Paula Whitacre and Sheri Leseberg

Sheri Leseberg
Inspiration piece

Paris
By Paula Whitacre

Response

Her: Madame de Simoneau. Thin-necked, tall, aristocratic. A young widow whose husband was killed in a motorboat accident when they lived in the States. A woman who speaks English fluently but never uses it. A woman who does not smile.

Them: Her two daughters, Delphine and Isabel, who go to dance class and wear smocks over their dresses at all-girls Catholic school. Isabel, age 7, with a face that promises beauty as a woman. Delphine, age 9, wearing a patch to correct a lazy eye, but already more observant in life than Isabel or her mother.

L’Americaine: At home, verbal, energetic, profane. With her and them, sulky, lonely, and not very competent au pair.

Where: An apartment in the 6th arrondissement, where the girls sleep in the bedroom and Madame sleeps on a couch in the living/dining/cooking room. White carpet and large pillows from India, no view outside.

A second where: The small room tucked into the eaves of the apartment building where the au pair lives, six flights up. A twin bed, bureau, and cold-water sink, shared toilet down the hall. The room where the au pair retreats every evening and cries.

Why: From 7:30 to 8:30 in the morning, the au pair wakes up sleepy girls, makes their breakfast, supervises dressing and teeth-cleaning, brushes their hair, makes their beds, walks them to school, they cannot be late, says Madame! Dutiful kiss on the cheek, have a good day. From 4:30 to 8 in the evening, picks the girls up from school, takes them to the park, to dance class, oversees homework, gives baths, prepares dinner for the girls, cleans up, vacuums the white carpet, washes and irons smocks, polishes shoes, picks out clothes for the next day, gets girls ready for bed, all in not very good French (which she thought was good before arriving in France).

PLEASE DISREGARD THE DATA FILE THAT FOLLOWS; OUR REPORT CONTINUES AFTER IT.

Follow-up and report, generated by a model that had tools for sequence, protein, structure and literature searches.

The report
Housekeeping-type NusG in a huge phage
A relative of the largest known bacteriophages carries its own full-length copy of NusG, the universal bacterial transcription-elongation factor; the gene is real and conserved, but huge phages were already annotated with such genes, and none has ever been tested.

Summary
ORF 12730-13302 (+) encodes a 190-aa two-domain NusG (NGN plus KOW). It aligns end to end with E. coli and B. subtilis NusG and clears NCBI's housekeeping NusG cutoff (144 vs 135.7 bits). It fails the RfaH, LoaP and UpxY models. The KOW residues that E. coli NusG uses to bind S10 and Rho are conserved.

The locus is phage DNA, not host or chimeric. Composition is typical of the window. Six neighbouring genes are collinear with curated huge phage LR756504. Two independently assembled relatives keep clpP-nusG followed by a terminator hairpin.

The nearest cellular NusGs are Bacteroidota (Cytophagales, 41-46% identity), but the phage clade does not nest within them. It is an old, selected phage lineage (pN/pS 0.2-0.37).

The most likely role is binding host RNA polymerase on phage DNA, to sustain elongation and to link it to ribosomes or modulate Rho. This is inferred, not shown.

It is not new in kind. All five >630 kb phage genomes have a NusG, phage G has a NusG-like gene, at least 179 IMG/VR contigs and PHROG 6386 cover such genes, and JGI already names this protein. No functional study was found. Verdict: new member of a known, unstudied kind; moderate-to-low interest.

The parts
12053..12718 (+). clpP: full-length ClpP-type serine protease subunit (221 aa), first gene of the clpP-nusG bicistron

Reason: Paris! Adventure! Romance! That was the lure. Not trying to get ink stains out of white smock collars.

Consolation: The apartment during the day, where the au pair is allowed to take a shower. Which she does, but also plays the piano, snacks, reads, writes long letters bemoaning her fate to her friends, reminding herself she has friends, someplace. So far, she has only met a middle-aged Egyptian journalist, and some friends of friends who live outside the city.

Confrontation: The au pair is sprawled in a beanbag chair, reading, hair still wet. She hears the door open. Mon dieu! She snatches up her droppings around the apartment, the wet towel, the coffee cup, the family’s magazines. Madame walks into the living room with a man. Mumbled apologies, skirting along the wall to leave. A hiss from Madame, laughter from the man. Apartment declared off-limits except for brief showers.

Choice: Stay or go? Stay in misery? But go? Where? And having to tell Madame—in French?

Decision: “Madame, I cannot stay. I am quitting. I’m sorry. Yes, I will stay until you find someone else. A week? A month? Yes, Madame.” Groveling, but relieved.

Final day (as it turned out): Horrid girls. Burned potatoes. Weather cold. Madame home around 7, slips her heels off her narrow feet, eats a yoghurt with a tiny spoon. The girls buzz around her. When they go into their bedroom, she turns, how fâché she is, taken advantage of by the ungrateful au pair. And, oh, she found a replacement. The au pair must leave tomorrow morning.

Panic: Now where?

Aftermath: The au pair packs up her suitcases, leaves no forwarding address nor is asked for one. She flails, then she finds her way.

Never answered: What happened to Delphine and Isabel? Did Madame ever smile?

…..

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One Comment

  1. Bobbie Troy
    Posted April 10, 2010 at 4:50 pm | #

    Very strong painting and poem. I can see Paris and Madam.

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